The Chief of the Boat Vern Atha put Mike Fallet and me on mess cooking the day before our last underway.  The morning we got sunk Mike and I started mess cooking.  We were in the After Battery when we got underway that morning.  We were just going out for the day to provide ASW target services for the USS Silverstein DE-534.  I remember it was right before noon meal, we were submerged and we lost power and took a tremendous down angle and started going down.  Emergency lights went on and shortly after that I heard them start blowing main ballast tanks.  The blow went on for a long time and we started to run out of air.  EN1 (SS) Leon Mungerson was Auxiliaryman of the watch and was on the blow manifold.  He put the Captains Air Bank on service and it was the damnedest noise I had ever heard.  I thought the boat was exploding.  He did not equalize pressure slowly; he just slammed the Captains Air Bank stop valve wide open.  There was a WHAMMMM as the relief valve lifted.  It was the loudest noise I had ever heard!

Once we got the down angle off and our descent stopped the next thing that happened was we started going to the surface in a hurry.  (I was told later we went to 700-800 feet before recovering.)  I think there were eight of us in the After Battery at the time.  The next thing we heard was “ALL HANDS FORWARD!” over the 1 MC, and then about a minute later we heard, “TUBES AFT, CONN, LOAD AND SHOOT ONE RED FLARE” over the 1 MC.  (I heard later the red flare was not fired because the Torpedoman on watch had gone forward when the word was passed for all hands to lay forward.)  Then the Collision Alarm sounded.  I don’t remember who shut the water tight door between the Control Room and the After Battery.  Then we hit the surface and within like about 30 seconds we were rammed by the Silverstein on the port side right at the bulkhead between the Control Room and the Forward Battery.   There was a hell of a CRASH and shock from the collision.  It shoved the boat to starboard and knocked all of us down.  I remember after the crash I got on my feet and pulled the collision/flooding bill out of the bill holder.  We then rigged the After Battery Compartment for collision/flooding.  I looked through the dead light in the watertight door and the water was rising fast in the Control Room.  All I could see was cork floating.  I was thinking OH GOD THOSE GUYS ARE DEAD!  You know how they say your life passes before your eyes at times like this, well it happened to me.  I can remember to this day picturing my girlfriend from high school.  I also remember telling Paul Duxbury not to worry we would get out alive.  About four maybe five minutes after the collision the word was passed on the 1MC, “ABANDON SHIP” and we headed aft through the Engine Rooms, Maneuvering Room and into the After Torpedo Room. 

The Chief of the Boat Vern Atha had been in the After Battery compartment with us when we got hit.  Now he was handing out life jackets in the After Torpedo Room when we got there.  All the compartments were empty as we went aft.  Even the Electricians in Maneuvering were gone.  We were the last out from our end of the boat.  One of the things I noticed after I got topside was USS Sabalo SS-302 coming towards us in the distance.  A third class Torpedoman dove in the water and started swimming towards the Sabalo.  I will never forget the fear I saw in that mans eyes, I thought he was on the verge of panic.  I didn’t have much respect for him after that.  Sabalo picked him up a few minutes later.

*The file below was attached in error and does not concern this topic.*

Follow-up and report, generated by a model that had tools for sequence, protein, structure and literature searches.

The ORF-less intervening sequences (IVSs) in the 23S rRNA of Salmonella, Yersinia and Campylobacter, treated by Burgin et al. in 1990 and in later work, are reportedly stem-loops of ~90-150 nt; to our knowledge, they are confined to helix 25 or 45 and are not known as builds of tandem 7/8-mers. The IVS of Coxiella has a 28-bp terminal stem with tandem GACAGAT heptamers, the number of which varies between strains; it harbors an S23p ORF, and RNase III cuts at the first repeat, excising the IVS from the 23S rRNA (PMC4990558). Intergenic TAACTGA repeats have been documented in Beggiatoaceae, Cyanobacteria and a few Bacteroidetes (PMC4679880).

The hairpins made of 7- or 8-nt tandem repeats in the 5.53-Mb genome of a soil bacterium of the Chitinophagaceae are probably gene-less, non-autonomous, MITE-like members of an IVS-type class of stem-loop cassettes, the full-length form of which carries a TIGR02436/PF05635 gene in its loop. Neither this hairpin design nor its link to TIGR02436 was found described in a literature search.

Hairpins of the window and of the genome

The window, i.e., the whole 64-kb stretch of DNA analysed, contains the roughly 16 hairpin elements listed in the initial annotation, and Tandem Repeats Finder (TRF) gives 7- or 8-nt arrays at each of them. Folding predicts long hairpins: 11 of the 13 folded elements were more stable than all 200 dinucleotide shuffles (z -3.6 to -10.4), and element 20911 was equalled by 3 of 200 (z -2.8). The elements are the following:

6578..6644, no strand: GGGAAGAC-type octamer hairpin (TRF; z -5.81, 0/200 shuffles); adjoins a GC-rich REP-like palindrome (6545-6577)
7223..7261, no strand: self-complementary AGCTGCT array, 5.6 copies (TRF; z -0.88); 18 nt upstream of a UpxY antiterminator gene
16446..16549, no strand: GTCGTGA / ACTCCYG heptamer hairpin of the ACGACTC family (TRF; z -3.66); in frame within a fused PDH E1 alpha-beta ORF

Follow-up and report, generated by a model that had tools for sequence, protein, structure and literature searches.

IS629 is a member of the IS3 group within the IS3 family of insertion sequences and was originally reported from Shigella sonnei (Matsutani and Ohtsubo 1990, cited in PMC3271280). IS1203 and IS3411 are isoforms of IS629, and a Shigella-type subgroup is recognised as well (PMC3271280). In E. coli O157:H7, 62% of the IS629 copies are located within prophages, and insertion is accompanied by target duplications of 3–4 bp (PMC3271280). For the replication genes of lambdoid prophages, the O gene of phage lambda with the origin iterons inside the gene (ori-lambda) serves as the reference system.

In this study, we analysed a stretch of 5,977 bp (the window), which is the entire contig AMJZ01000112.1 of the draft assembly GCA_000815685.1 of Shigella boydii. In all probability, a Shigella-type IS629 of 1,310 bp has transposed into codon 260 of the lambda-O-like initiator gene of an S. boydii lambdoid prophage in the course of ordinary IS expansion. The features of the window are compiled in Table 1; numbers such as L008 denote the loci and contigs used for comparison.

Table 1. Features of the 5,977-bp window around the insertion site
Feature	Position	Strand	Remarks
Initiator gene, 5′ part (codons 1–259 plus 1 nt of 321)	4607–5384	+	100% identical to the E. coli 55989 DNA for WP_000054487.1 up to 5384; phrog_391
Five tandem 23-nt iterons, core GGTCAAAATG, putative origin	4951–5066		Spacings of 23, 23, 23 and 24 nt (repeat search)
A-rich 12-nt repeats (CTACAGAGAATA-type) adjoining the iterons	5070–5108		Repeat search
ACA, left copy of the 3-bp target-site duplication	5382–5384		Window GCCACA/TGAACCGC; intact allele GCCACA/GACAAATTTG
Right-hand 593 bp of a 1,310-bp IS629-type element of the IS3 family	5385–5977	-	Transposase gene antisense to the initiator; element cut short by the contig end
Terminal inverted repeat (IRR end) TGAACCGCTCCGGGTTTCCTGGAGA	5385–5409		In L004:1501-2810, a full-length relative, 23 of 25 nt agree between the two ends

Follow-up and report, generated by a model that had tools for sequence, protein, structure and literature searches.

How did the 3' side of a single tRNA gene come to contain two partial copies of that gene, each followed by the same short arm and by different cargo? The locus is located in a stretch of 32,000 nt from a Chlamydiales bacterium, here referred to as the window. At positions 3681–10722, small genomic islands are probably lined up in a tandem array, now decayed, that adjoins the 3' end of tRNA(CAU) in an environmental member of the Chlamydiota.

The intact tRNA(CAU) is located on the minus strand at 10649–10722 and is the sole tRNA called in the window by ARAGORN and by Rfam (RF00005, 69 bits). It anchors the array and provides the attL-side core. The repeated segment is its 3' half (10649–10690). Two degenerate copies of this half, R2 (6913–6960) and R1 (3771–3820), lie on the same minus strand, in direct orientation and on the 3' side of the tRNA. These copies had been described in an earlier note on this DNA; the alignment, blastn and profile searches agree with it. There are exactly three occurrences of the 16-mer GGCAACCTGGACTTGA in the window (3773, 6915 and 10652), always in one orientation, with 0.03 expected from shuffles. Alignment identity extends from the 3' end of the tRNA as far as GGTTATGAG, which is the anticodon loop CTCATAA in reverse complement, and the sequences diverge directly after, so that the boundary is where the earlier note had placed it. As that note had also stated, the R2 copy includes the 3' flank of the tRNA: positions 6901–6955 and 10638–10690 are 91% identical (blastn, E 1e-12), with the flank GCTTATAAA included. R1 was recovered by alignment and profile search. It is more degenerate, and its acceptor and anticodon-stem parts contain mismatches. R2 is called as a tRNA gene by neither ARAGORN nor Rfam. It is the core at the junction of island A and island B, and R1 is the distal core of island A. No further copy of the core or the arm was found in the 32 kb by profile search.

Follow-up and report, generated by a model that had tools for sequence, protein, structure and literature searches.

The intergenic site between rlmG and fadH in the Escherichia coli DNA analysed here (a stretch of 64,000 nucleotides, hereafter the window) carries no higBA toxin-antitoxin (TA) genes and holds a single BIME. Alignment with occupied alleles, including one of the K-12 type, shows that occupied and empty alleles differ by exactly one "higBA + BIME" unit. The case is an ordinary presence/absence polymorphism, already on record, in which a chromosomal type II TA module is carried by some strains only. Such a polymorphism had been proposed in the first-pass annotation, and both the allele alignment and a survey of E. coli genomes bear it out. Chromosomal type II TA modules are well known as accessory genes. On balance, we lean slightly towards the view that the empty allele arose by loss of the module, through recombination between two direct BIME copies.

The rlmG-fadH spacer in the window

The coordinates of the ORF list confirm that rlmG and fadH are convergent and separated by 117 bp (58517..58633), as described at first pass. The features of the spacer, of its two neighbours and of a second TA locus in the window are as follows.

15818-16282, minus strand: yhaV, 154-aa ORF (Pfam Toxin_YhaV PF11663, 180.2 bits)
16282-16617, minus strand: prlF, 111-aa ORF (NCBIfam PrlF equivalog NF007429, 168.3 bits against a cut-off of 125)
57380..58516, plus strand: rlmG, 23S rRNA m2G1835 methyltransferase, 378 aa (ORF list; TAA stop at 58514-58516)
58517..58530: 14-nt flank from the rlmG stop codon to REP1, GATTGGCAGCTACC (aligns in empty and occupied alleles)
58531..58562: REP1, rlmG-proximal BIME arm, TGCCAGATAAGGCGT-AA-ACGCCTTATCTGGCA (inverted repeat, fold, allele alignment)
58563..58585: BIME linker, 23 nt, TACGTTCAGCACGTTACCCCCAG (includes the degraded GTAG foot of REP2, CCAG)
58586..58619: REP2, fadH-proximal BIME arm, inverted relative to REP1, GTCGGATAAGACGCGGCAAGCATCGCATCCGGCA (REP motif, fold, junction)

Photo courtesy of Jim Vasko - USS Current website

Immediately after the collision the guys in the Control Room, Sonar, and Radio escaped through the Conning Tower and dogged the lower hatch after the last man was out.  Remember I told you that right after we blew the ballast tanks the word was passed on the 1MC for all hands to lay forward, well there were eight guys in the Forward Battery on the way to the Torpedo Room at the time  the Collision Alarm sounded.  The watertight door to the Torpedo Room was shut and dogged at the time of the collision and they were trapped in the Forward Battery as it was flooding.  Now I heard afterwards from one of the cooks who was trapped in the Forward Battery that he could see through the deadlight in the watertight door that one of the officers in the Torpedo Room was holding the dogging handles and wouldn’t let them out.  The guys in the Forward Battery were all yelling and screaming, “OPEN THE DOOR LET US OUT OF HERE!”  Somebody in the Torpedo Room pushed the officer aside, opened the Watertight Door and let the eight guys out then shut and re-dogged it.  The guys trapped in the Forward Battery were really pissed about what happened to them and the Cook told me he was so angry he could have killed the officer who was holding the door shut.  If they hadn’t got out of the Forward Battery when they did they probably would have died, if not from drowning then from Chlorine Gas as the battery cells flooded with seawater.